Charles Edwards is the Assistant News Director for 90.1 FM WABE. As a reporter, he covers a variety of topics and issues. However, he specializes in politics and closely covers Atlanta City Hall and Atlanta Mayor Kasim Reed. Charles received a B.A. is Mass Media Arts from Clark Atlanta University in 2002. However, his reporting experience dates back to 2000. His resume includes covering the state legislature, live election night coverage, and award winning health care reporting. In 2005, Charles was the recipient of a 2005 National Public Radio reporting fellowship. As a reporter on NPRâ

4:16pm

Fri April 6, 2012
Strange News

Small Town's Police Blotter Is A Riot

Originally published on Sat April 7, 2012 12:16 pm

Unalaska's Sgt. Jennifer Schockley has earned fans worldwide for her local police blotter.
Alexandra Gutierrez KUCB

In one Alaskan fishing village, crime is a laughing matter. It's not the crimes that have residents chuckling so much as how they're written about. The Unalaska crime report is full of eagle aggression and intimate encounters gone awry in the Aleutian Islands.

When Sgt. Jennifer Shockley heads out on patrol each day, she's got the police blotter on her mind. Her goal is to paint a detailed picture of the town's often ridiculous crimes.

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4:12pm

Fri April 6, 2012
The Salt

Indian Engineers Build A Stronger Society With School Lunch Program

Originally published on Wed May 23, 2012 10:54 am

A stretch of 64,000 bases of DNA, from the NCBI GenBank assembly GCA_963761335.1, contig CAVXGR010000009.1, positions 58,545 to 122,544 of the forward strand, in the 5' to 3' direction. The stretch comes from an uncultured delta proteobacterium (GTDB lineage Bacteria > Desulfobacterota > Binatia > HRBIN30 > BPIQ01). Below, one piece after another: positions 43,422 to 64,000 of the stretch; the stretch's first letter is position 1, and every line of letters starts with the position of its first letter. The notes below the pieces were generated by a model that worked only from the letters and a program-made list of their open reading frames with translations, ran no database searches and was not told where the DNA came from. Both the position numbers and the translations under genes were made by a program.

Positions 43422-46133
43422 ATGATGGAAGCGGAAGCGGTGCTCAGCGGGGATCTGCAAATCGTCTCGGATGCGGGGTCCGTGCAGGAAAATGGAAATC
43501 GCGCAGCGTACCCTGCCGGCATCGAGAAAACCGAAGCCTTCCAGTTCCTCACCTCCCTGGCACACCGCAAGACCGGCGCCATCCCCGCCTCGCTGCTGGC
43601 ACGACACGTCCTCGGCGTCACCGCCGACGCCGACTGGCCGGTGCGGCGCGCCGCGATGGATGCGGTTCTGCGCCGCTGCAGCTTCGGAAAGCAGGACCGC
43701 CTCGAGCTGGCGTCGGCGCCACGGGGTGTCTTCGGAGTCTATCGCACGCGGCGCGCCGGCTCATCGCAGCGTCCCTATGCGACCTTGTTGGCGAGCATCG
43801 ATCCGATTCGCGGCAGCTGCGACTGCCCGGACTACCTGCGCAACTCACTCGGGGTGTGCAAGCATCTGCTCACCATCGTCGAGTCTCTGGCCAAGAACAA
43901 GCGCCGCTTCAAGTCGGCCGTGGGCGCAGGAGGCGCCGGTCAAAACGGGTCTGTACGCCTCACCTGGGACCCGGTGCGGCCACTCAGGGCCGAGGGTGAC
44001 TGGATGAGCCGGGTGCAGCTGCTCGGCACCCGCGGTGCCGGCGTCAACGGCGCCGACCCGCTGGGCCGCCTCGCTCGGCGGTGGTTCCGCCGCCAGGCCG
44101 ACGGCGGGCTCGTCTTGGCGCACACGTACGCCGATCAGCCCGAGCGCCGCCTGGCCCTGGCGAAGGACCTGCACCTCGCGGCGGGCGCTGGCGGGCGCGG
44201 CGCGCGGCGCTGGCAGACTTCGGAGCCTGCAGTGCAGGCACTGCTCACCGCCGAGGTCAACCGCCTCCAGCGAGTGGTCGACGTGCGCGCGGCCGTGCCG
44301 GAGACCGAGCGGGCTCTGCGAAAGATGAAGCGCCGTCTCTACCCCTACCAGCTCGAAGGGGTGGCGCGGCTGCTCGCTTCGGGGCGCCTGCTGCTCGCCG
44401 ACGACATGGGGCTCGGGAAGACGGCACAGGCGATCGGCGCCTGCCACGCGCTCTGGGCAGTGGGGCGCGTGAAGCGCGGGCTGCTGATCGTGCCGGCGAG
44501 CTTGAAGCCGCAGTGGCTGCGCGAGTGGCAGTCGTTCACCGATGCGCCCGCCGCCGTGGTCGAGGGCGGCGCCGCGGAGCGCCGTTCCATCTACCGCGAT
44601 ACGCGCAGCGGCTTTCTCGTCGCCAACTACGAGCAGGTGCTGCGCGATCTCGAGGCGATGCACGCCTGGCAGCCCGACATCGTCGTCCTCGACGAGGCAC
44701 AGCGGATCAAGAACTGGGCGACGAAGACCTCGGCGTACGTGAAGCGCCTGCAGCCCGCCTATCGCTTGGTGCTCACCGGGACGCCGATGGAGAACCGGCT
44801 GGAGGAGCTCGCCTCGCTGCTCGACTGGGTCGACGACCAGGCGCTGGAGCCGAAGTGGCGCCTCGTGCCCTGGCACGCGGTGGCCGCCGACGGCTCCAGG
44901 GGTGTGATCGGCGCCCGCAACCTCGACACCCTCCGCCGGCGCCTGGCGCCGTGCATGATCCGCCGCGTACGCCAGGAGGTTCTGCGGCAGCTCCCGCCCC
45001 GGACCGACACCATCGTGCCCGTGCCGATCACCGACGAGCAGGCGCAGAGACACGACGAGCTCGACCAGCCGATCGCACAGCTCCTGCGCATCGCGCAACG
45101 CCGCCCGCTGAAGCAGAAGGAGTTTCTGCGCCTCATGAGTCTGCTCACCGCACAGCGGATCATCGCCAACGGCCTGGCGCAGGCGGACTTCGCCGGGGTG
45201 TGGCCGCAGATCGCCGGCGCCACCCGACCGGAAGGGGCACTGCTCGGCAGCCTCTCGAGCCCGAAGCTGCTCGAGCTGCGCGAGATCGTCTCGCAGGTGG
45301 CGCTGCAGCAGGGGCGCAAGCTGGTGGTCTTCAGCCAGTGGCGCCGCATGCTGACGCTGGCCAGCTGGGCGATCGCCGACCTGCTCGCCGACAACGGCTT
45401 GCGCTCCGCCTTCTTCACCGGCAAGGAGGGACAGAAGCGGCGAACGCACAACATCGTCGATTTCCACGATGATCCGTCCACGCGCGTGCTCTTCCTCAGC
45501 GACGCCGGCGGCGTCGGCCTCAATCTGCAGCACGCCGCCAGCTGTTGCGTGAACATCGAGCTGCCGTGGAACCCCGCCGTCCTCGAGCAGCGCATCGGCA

The Akshaya Patra Foundation, a nonprofit based in Bangalore, partners with the government to make close to 1.3 million nutritious meals a day for schoolchildren throughout India.
Ryan Lobo for NPR

At a government-run public middle school in Bangalore, the blackboard's cracking, the textbooks are tattered and most of the students are barefoot.

But with all those challenges, the biggest obstacle that teachers face in keeping kids in school is hunger. Many students show up at school having had nothing to eat for breakfast.

On mornings one student comes to school hungry, the thought of school makes her break down, she says.

"When I had to get on the bus, I would start crying," says K. Suchitra, 13.

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3:24pm

Fri April 6, 2012
The Two-Way

With Some Profanities Edited, 'Bully' Receives PG-13 Rating

Alex, one of the kids who struggles with bullies in Lee Hirsch's documentary Bully.
Lee Hirsch The Weinstein Company

The Motion Picture Association of America and The Weinstein Co. have finally come to an agreement: After editing some profanities, the MPAA walked back its R-rating and Bully, a documentary about school bullying, will be released on April 13 with a PG-13 rating.

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3:20pm

Fri April 6, 2012
Europe

Homelessness Becomes A Crime In Hungary

Originally published on Fri April 6, 2012 10:25 pm

Two homeless men lie on mattresses in central Budapest in 2010. Hundreds of people live on the streets in the Hungarian capital; many refuse to stay in night shelters for fear of having their goods stolen.
Karoly Arvai Reuters/Landov

Hungary's new anti-vagrancy laws — the toughest in Europe — now mean that homeless people sleeping on the street can face police fines or even the possibility of jail time.

Advocacy and human-rights groups are alarmed by the new efforts to crack down on and effectively criminalize homelessness, where the ranks of the needy have increased during the country's dire financial crisis.